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How Magurdich started from a concrete plant and laid the grounds of the Armenian dynasty in Bulgarian showbiz. He holds a circus artist diploma; she has graduated as a cellist. Nonetheless, the credentials of Magurdich and Kremena Halvadjian do not play any role in their current occupations. Yet they’re creating and pampering the media stars of today and tomorrow. At this time, they’re tuned to the “Bulgaria Seeks Talent” wave, but the bTV show is by far not all their business, which is woven of TV casts, ads, movies, and clips.

Magurdich is a director and a founder of the producing companies “Global Vision” and “Global Films”, while Kremena is the stylist of the productions and the director’s muse. In twenty years, the couple built a family empire and is today among the key characters in the show business made-in-BG. The Halvadjian clan has a roster of players but the third heavyweight in the TV manufacture is Judy – Magurdich’s brother. Aside from talent hunting, some of the most successful projects of the family are the TV shows “Masters of the Air”, “Full Madhouse”, “A Sea of Love”, “You Have Mail”, “Foretellers”, and “The Magnificent Six”.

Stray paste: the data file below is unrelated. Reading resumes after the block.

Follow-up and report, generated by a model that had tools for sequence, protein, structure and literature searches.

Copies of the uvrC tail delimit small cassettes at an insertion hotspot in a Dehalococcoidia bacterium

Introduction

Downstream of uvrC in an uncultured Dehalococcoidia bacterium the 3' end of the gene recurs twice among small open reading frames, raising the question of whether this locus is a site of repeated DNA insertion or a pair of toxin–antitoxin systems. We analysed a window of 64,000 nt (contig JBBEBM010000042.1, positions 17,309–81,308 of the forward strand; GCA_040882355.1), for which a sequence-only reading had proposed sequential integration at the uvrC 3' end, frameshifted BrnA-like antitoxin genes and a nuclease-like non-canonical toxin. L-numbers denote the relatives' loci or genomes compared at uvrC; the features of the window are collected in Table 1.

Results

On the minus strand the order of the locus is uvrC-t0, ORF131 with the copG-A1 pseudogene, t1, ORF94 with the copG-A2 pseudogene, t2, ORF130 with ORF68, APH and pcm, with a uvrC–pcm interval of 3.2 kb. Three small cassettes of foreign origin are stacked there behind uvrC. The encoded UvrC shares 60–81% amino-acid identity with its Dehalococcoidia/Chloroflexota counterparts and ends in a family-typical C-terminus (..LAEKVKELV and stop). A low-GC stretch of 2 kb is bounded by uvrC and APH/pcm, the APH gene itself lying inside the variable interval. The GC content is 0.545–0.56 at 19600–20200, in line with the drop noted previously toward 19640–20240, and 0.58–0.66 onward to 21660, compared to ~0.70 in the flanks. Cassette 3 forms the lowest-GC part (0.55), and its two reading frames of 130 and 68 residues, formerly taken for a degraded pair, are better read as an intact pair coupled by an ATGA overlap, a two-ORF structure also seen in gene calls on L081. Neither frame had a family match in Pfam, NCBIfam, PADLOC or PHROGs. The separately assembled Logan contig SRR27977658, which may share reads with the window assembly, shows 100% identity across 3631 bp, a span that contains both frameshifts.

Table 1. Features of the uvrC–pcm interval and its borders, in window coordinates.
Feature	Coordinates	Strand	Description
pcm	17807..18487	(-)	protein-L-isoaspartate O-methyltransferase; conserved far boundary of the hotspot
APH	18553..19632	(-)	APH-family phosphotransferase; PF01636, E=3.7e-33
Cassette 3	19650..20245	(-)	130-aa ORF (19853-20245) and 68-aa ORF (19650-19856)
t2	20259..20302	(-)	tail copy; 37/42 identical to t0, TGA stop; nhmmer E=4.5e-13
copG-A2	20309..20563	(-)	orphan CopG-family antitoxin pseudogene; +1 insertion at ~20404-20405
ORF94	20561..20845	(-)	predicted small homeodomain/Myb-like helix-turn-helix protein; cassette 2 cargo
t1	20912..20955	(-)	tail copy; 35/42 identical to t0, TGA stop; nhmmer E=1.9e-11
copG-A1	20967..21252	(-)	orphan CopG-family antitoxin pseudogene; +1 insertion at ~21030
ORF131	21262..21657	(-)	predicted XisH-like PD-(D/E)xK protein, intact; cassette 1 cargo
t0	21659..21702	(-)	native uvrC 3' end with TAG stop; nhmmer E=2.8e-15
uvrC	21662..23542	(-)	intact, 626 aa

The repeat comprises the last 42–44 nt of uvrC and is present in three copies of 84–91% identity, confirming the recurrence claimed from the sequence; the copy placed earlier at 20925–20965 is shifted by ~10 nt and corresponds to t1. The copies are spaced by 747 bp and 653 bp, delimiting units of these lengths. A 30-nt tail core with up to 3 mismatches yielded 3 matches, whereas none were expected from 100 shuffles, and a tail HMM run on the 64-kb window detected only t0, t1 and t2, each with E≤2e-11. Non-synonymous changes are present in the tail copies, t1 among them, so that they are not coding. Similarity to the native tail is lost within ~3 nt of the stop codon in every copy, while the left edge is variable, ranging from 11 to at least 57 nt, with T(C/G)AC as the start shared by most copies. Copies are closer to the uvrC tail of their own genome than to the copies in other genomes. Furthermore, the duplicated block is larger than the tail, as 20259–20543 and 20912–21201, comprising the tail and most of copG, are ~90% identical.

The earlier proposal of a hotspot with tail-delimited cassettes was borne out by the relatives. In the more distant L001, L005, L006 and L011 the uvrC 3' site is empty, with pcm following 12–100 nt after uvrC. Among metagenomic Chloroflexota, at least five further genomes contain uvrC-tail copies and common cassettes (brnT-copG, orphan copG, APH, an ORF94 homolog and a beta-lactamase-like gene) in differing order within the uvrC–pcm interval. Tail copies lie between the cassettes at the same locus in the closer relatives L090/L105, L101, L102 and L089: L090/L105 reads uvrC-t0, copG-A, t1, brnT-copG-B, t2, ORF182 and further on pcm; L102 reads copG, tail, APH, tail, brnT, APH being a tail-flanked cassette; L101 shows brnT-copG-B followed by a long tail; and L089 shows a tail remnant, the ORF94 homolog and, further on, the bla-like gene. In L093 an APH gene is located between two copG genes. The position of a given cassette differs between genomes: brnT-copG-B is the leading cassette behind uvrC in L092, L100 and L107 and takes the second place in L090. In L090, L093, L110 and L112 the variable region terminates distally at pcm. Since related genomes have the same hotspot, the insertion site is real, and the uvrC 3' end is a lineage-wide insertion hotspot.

The groundwork for success was cast at a concrete plant near the town of Pernik in the mid-1980s. At this time Maggy, as everyone nicknames the elder Halvadjian, is an army recruit. He was put in charge of production in a concrete batching plant near the mining town. Instead of ducking the service chores, he’s working with Armenian pedantry. He realizes that whatever undertakes down the road, he’d hone it up to the minute detail. “I’ve always had a serious attitude to work, regardless of what work it was. When I take an order, I’m striving to do it right. I had never seen concrete in my life. But on day ten, I was already up and running – I knew by heart all cement blends and knew, too, how they’re cheating on with prices, as everybody’s looking to milk the military, since money is gushing there. So the Pernik plant got then the best concrete ever,” rewinds the 43-year-old director.

Since decades, Halvadjian hasn’t smelled the construction mixture. However, his attitude to work – heart and soul engagement, hasn’t changed. To Maggy’s luck, he’s making a living out of his hobby. Halvadjian is the amiable proof that no vaccines are found against the TV bacterium and the cine-virus. In his own confessions, the producer owns 12 TV sets – at home, in the cars, at the office. His phones are also set up to play images and sounds.

“As a viewer, I’m watching mostly the great Italian shows, and as a professional – absolutely everything, because I must know where the things are heading to,” explains Magurdich. Then, he analyzes the current TV picture: “The Bulgarian TV market developed quickly and is pretty rich. What’s bad is that the viewer got spoiled, and grows bored very quickly. New shows are depleting quickly, everything is squeezed out in just a year or two. Western televisions have shows that run for twenty years.” For now, it seems that Maggy and company are well oriented in the dynamics of the TV market and they’re growing in scale. The clan’s projects are gobbling up lots of human resources and, as of today, More than three hundred are on Halvadjian’s payroll.